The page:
Last week I met the Chairman and Chief Executive of the Office of Road and Rail. This body spends £32 million a year of our money on acting as economic and safety regulator of the railways, and acting as a new regulator of the Highways Agency, the government body that runs England’s roads.
I asked them why they had taken no action over Network Rail’s decision to take out foreign currency borrowings which I have warned against before. I asked why they had apparently taken no action over Network Rail’s derivative trading and hedging, nor intervened to stop losses or to complain about them. They reminded me that Network Rail’s finances are now under the control of the Treasury and they will not be making any more foreign currency loans, as if I was unaware of that change. They had no answer on the broader questions, and were taking no action over derivative losses.
They have been agonising over £2m of fines to Network Rail for poor performance. They wish to express their displeasure, but they do not wish to take too much money off a company owned by taxpayers and funded by taxpayers. They clearly have no sense of significant numbers. Network Rail happily lost more than £2m a day every day last year on financial derivatives , so I guess a single £2m fine is neither here nor there to them.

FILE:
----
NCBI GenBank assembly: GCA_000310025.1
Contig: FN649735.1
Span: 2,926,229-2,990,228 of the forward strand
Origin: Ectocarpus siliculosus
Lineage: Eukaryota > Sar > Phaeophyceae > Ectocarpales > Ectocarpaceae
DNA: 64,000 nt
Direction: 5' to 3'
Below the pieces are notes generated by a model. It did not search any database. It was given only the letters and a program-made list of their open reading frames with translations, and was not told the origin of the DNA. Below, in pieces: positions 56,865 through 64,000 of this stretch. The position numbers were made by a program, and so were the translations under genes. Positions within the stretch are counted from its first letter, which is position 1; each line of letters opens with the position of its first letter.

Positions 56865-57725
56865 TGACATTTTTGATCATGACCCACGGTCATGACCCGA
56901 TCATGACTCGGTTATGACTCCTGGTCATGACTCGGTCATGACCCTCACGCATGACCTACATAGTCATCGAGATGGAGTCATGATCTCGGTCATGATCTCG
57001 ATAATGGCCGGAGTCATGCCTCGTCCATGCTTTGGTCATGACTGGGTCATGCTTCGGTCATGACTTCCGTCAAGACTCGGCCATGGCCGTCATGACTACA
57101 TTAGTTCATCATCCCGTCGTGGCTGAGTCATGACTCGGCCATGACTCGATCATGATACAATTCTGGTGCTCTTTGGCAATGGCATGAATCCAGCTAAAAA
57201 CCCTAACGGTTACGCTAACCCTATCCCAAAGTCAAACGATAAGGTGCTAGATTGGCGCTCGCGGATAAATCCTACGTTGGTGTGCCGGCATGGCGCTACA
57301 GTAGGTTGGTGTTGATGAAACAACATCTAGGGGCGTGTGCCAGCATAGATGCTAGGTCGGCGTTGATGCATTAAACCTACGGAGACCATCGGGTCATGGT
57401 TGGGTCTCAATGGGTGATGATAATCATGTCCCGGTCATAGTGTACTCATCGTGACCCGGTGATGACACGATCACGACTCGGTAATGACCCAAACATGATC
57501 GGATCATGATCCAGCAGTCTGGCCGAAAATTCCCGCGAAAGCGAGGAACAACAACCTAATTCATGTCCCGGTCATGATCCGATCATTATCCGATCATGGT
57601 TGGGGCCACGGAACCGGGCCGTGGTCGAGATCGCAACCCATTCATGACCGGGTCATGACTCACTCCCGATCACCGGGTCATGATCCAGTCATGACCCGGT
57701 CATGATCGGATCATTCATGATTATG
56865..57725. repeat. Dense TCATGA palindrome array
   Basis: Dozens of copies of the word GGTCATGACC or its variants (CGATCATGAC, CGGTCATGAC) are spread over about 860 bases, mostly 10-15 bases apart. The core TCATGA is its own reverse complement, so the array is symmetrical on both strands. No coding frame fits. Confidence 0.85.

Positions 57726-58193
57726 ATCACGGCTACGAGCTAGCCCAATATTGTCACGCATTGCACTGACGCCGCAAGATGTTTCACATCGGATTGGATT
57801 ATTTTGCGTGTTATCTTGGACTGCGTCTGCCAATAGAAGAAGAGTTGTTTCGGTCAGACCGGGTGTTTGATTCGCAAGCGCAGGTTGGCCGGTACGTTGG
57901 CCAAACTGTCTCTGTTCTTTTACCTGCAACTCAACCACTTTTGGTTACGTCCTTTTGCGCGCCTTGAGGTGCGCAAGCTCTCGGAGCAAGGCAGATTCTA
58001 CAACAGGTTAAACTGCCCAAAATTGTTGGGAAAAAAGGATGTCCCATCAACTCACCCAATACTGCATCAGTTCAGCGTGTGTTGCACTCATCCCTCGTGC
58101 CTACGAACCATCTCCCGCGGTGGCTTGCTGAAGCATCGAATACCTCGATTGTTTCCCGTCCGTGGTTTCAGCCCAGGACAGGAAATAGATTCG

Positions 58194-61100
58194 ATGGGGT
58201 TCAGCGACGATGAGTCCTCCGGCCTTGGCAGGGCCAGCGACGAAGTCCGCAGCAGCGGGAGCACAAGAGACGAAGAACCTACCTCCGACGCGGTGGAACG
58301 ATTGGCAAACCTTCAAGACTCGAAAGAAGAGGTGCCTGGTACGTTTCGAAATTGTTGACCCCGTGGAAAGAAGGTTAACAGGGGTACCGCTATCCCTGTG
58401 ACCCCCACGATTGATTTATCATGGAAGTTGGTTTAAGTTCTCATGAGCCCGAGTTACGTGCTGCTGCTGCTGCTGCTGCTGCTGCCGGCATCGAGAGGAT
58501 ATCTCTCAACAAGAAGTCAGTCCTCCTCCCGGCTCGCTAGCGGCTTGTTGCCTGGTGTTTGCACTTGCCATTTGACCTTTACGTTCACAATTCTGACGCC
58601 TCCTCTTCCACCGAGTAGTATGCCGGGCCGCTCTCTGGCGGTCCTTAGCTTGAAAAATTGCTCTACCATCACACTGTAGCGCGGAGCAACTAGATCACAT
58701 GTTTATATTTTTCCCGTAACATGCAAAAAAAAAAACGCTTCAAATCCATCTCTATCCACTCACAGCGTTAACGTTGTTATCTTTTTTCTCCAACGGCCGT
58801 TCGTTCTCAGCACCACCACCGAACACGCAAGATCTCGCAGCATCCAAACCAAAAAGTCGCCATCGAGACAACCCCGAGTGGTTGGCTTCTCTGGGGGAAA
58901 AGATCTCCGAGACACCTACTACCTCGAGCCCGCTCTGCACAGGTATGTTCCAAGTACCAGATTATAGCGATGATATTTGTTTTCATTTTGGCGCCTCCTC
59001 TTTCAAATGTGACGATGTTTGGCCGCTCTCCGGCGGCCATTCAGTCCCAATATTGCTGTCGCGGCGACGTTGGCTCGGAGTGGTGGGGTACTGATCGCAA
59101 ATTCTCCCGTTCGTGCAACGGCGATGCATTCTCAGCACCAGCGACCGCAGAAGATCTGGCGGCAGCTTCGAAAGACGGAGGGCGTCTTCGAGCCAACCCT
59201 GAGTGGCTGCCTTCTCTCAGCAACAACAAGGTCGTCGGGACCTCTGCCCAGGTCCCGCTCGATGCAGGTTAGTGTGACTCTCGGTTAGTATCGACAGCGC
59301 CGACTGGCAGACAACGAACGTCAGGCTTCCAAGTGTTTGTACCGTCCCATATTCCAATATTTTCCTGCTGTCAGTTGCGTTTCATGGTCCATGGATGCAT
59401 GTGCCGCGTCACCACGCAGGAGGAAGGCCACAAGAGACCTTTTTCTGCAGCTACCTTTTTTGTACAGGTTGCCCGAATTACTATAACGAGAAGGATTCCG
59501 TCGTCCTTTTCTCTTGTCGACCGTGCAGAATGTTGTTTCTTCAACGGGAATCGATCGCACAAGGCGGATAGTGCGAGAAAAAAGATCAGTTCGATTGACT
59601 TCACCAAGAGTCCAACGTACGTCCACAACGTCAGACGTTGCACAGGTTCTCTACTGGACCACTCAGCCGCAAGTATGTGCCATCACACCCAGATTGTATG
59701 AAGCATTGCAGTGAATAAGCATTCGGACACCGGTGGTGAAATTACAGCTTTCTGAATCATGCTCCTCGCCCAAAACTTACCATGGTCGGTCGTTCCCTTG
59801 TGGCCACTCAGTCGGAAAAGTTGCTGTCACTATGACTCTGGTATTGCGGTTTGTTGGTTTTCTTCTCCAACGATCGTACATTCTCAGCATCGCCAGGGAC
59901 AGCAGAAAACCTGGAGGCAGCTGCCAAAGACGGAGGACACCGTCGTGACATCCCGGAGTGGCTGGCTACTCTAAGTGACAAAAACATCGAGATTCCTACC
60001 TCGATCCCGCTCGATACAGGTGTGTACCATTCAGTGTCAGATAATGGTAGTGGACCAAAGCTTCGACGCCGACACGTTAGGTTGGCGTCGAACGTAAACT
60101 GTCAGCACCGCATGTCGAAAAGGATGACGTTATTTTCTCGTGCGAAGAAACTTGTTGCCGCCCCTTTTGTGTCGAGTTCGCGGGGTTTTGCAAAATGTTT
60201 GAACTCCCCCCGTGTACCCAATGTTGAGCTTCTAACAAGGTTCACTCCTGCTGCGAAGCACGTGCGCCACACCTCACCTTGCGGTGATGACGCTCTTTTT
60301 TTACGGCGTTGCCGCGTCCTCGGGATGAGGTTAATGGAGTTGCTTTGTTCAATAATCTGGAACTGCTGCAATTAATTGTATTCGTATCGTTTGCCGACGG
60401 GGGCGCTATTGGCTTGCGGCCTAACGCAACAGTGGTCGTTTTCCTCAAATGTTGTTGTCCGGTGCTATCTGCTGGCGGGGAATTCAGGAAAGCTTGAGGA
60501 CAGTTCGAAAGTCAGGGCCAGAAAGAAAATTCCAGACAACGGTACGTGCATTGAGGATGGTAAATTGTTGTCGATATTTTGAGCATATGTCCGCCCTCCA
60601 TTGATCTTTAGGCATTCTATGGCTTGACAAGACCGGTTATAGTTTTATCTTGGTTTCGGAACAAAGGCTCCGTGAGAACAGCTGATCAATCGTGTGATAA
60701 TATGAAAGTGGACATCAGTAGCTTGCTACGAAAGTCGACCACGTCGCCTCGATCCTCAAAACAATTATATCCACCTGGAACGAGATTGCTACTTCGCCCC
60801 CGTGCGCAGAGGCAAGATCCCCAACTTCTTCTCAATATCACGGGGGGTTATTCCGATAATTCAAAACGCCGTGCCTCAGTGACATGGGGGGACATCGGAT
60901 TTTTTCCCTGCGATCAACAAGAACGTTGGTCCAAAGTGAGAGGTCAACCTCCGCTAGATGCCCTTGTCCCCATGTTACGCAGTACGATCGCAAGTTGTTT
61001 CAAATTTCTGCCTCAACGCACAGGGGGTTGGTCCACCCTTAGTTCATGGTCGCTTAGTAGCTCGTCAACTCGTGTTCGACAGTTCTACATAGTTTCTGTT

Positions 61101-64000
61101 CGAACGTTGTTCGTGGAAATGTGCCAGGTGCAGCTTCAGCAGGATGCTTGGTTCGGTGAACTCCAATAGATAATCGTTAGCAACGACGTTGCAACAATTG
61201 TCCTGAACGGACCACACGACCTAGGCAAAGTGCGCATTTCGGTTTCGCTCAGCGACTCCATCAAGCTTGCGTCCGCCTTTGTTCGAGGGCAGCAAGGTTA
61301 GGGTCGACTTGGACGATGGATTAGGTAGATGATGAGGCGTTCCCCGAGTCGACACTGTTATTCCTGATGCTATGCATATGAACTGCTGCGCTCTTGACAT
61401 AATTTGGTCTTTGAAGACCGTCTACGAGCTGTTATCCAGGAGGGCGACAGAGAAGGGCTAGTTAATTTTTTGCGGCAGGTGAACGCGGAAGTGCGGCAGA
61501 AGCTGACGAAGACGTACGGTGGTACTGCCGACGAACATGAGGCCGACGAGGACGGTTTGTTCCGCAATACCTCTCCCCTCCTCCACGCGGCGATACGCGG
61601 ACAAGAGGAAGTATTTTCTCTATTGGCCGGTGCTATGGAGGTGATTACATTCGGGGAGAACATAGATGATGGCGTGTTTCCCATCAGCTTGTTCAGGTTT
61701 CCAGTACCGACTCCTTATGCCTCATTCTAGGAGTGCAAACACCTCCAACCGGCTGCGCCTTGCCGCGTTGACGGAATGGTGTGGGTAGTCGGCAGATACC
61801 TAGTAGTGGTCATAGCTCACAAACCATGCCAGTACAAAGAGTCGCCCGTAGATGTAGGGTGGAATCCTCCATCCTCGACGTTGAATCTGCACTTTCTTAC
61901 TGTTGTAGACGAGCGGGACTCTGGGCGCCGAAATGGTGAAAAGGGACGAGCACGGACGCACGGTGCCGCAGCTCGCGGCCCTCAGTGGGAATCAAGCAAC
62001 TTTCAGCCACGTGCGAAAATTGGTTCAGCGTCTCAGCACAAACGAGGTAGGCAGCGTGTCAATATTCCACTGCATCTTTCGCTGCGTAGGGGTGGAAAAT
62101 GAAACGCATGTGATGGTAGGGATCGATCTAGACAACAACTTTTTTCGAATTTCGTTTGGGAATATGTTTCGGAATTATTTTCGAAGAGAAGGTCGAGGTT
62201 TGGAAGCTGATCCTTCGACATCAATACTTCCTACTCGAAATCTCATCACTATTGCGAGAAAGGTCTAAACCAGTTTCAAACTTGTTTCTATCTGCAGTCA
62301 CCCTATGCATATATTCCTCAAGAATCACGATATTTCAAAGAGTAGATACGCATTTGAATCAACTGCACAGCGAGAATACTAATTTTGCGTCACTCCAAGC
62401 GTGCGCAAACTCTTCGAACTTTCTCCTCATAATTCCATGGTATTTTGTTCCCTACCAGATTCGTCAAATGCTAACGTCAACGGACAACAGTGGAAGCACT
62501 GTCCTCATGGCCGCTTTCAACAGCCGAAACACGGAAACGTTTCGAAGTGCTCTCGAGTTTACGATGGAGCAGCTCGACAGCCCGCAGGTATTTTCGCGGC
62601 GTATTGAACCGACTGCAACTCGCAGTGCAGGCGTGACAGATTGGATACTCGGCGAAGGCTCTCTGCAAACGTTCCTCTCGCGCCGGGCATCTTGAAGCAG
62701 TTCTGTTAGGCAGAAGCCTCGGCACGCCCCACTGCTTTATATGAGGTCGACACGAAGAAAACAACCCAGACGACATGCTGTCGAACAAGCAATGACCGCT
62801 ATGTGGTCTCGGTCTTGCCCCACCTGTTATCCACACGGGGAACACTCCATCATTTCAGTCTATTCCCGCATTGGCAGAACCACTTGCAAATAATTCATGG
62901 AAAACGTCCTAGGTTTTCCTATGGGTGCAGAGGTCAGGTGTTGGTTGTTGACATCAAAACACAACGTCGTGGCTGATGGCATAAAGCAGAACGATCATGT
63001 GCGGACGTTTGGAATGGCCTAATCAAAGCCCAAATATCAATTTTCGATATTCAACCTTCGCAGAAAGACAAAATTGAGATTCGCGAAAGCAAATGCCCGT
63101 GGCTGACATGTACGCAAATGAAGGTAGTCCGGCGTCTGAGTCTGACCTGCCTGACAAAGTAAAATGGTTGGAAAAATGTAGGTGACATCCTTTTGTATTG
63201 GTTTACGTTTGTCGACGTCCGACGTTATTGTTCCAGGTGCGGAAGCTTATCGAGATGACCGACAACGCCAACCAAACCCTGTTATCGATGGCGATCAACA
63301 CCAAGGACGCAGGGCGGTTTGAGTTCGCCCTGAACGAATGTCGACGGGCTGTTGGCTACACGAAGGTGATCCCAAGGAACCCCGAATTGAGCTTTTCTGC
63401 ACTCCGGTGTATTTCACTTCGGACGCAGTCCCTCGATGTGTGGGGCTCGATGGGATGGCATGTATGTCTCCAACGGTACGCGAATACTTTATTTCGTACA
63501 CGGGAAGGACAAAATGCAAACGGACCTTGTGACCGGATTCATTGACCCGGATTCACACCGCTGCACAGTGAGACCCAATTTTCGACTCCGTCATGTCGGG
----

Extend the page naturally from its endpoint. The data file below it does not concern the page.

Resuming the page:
They were also asked about their attitude towards the prolonged closure of the M20 this summer in Operation Stack. They were asked about other options to allow this crucial highway to continue in use. Again they had no helpful answers, and showed no sign of wishing to change things for the better by using their powers.
I came away seeing little value in much of the £32 million spent each year on this body, as it is quite incapable of keeping a major motorway open, and uninterested in stopping major financial losses at Network Rail despite being their economic regulator. I think they said they had to add road regulation to their rail remit to meet EU requirements.Maybe their safety role for rail is better done than the financial regulation.